The Biden-Harris Administration has announced $8.2 billion in new funding that could help kickstart the first high-speed rail lines in America’s history as part of 10 major passenger train projects dotted around the country.

According to the White House, one of those high-speed rail lines would zip through Atlanta.

Among other objectives, President Joe Biden’s Investing in America program aims to establish a new planning framework that could result in seven high-speed rail initiatives, or “a pipeline of intercity passenger rail projects ready for future investment,” according to a Friday announcement.   

The Atlanta project would see a high-speed rail corridor to Charlotte, “linking the Southeast and providing connection to Hartsfield-Jackson [Atlanta International] Airport, the busiest airport in the world,” per the White House. It’s part of a slate of rail initiatives federal officials are calling historic.

More broadly, Biden’s administration plans to deliver $66 billion from the Bipartisan Infrastructure Law to rebuild American infrastructure and become more globally competitive, which it calls the largest investment in passenger rail since Amtrak was created five decades ago.

Example of a high-speed rail line and infrastructure in Europe. Shutterstock

Should the rail program function as proposed, the Atlanta project and others would spur tens of thousands of jobs, allow for much faster travel options between cities, provide more economic opportunities for communities around the country, and reduce emissions by removing millions of vehicles from roads, according to federal officials.

Exactly what route the high-speed rail line would take between Atlanta’s airport and Charlotte hasn’t been specified.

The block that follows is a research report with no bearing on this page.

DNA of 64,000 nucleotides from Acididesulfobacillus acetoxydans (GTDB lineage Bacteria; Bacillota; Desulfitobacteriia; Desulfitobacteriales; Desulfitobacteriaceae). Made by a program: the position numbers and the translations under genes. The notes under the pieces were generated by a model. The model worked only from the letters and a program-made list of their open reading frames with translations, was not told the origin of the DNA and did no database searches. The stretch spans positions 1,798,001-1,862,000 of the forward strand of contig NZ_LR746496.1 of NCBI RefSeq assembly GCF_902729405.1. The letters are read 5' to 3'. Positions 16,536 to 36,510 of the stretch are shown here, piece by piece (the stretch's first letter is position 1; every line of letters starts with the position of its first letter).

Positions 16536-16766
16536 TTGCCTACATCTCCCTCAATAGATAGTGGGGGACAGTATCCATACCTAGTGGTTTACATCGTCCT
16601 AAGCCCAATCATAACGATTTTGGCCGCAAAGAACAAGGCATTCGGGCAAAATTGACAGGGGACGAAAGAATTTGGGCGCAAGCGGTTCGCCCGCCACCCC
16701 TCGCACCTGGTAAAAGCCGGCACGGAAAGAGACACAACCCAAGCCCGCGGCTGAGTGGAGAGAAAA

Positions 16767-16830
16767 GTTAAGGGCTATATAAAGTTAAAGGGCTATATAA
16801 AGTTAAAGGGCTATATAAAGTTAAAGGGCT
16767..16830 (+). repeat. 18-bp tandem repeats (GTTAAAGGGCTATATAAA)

Previous proposals have identified three alternatives, including the Interstate 85 corridor, for the roughly 275-mile route between cities. Using high-speed electric trains capable of reaching 220 mph could cut the roughly four-hour trip in half, with stops at new stations in between, studies have found.

What is known, as Axios Atlanta reports, is that a total of $1.5 million will be used to study the feasibility of three commercial passenger rail routes—branching from Atlanta to Charlotte, Savannah, and Chattanooga and other major Tennessee markets—as U.S. Senator Jon Ossoff (D-GA)’s office recently specified. Whether the research will lead to actual construction, and when that might happen, remains a question mark.

The Biden Administration identified several projects as being key to its transportation and infrastructure goals. Those include new high-speed rail between California and Nevada (expected to serve more than 11 million passengers annually), another line that would link Los Angeles and San Francisco with speeds up to 220 mph, and upgrades to existing, heavily used rail routes in the District of Columbia, North Carolina, and Virginia.


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